Millions of pets are lost each year. While some are eventually recovered, others never find their way back home. Safe pet recovery is often based on one key factor: whether the animal has a microchip or not. Microchipping is a permanent form of identification. Here are some things about microchipping you may not have known.
Microchips are tiny and are implanted in a relatively painless and quick procedure. The rice-sized chip is embedded under the skin, where it remains permanently. If your pet is sensitive, the vet can apply a topical anesthetic to the injection site to ease the sting.
Microchips are usually implanted between the shoulder blades where the large muscles keep them in place. However, dogs’ muscles tend to shrink with age, and the skin becomes loose. It can cause the chip to become dislodged and move to the lower back or side.
Microchips are made from biocompatible materials and are rarely felt after insertion. The pet can have them throughout their life, and they do not degrade. The chips do not require recharging and do not wear out. Once implanted, they will not need replacement.
When filling out the registration, make sure to complete all details. Include more than one phone number in case you are unreachable on one of your numbers. Provide other modes of contact, such as your home address, email, and emergency contacts.
If you move or you change your phone number, make sure to update your information. Contact the microchip company immediately with your new contact details. Remember, the microchip is useless if the company cannot reach you.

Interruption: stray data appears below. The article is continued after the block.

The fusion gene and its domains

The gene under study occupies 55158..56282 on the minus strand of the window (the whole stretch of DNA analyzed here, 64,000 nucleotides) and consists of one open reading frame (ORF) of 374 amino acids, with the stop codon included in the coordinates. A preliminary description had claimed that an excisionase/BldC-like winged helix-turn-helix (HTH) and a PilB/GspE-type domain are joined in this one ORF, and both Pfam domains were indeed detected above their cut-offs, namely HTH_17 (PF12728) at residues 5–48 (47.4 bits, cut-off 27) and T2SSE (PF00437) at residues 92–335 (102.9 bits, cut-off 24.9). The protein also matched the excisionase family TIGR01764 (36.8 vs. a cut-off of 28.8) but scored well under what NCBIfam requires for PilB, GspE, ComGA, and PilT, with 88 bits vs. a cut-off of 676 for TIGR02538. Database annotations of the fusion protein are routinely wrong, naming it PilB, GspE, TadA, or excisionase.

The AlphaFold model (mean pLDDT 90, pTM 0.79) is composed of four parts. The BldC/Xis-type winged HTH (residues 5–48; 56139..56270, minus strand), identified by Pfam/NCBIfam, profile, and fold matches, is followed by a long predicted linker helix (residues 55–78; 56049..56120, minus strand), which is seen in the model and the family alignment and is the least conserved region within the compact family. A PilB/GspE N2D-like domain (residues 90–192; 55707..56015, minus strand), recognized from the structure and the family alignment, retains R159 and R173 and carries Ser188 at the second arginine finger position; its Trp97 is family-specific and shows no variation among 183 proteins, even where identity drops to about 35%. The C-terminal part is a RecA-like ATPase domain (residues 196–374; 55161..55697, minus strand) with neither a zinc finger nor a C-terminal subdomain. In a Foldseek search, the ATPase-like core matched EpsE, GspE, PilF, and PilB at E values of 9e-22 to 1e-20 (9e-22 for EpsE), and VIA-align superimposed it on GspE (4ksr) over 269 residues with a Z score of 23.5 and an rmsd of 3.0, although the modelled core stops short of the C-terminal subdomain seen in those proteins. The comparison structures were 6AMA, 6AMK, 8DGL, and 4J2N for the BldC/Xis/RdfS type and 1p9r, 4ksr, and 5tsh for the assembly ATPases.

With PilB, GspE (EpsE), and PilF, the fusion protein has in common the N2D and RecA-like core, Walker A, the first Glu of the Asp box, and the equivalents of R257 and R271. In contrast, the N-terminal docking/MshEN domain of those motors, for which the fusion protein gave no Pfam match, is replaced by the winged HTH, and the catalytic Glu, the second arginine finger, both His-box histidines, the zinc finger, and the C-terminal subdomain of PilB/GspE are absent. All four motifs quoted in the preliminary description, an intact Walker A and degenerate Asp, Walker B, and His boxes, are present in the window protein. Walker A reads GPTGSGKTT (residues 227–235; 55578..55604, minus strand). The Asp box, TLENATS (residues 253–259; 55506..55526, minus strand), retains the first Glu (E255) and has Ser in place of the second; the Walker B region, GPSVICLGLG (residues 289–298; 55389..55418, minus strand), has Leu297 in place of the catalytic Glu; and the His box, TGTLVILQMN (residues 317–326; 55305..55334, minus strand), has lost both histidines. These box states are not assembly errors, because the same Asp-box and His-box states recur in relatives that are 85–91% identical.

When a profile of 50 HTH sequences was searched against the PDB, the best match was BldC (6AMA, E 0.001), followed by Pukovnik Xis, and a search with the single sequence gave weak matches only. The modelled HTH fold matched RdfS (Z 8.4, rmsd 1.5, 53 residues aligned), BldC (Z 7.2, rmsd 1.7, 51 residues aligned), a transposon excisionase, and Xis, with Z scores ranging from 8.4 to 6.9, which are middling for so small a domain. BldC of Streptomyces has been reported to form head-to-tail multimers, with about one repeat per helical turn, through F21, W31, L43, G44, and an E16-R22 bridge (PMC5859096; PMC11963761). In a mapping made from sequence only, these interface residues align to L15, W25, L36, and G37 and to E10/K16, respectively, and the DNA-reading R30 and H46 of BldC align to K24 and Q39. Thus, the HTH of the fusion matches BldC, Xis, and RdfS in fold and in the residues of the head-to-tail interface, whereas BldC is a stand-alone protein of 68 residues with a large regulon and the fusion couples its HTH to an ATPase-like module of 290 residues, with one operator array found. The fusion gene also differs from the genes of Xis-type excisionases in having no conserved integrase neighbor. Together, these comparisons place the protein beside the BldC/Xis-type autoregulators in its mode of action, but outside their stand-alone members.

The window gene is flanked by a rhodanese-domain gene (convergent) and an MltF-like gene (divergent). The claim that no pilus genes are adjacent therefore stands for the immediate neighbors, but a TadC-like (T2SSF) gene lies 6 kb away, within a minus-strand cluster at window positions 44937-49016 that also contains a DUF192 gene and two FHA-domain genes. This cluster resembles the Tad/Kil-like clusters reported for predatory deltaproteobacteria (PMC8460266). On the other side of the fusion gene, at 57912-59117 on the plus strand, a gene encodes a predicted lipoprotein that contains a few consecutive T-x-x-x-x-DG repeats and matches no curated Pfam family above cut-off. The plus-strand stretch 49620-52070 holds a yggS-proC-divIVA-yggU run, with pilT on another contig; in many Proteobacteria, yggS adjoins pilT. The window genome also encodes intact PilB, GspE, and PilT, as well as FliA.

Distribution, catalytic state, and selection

The best way to ensure that the microchip remains functional is by having it checked regularly. Ask your vet at Cochise Animal Hospital to run a quick check during each visit. It will help ensure that the microchip is reading correctly and with ease. The vet will locate the chip if it has migrated.
Microchips are the only form of permanent ID, and they have a national registry database. It means that one can locate a missing pet in any part of the country. There are different microchip manufacturers, but the American Animal Hospital Association (AAHA) has a universal research tool, allowing users to contact the registration company.
Contrary to what some think, microchipping will not expose your personal information. The chip contains a unique number, and it is not a GPS. When the chip is scanned, it emits an ID code that allows the registration company to contact you personally.
Pets with a microchip are more likely to be reunited with their families. Pets can be microchipped at any age. The chips are cost-effective when considering the value of losing your beloved pet. Unlike other forms of identification, microchips cannot be removed and do not fall off or become illegible.
For more about microchipping that you may not have known, visit Cochise Animal Hospital at our Scottsdale, Arizona office. Call (480) 991-2858 to schedule an appointment today.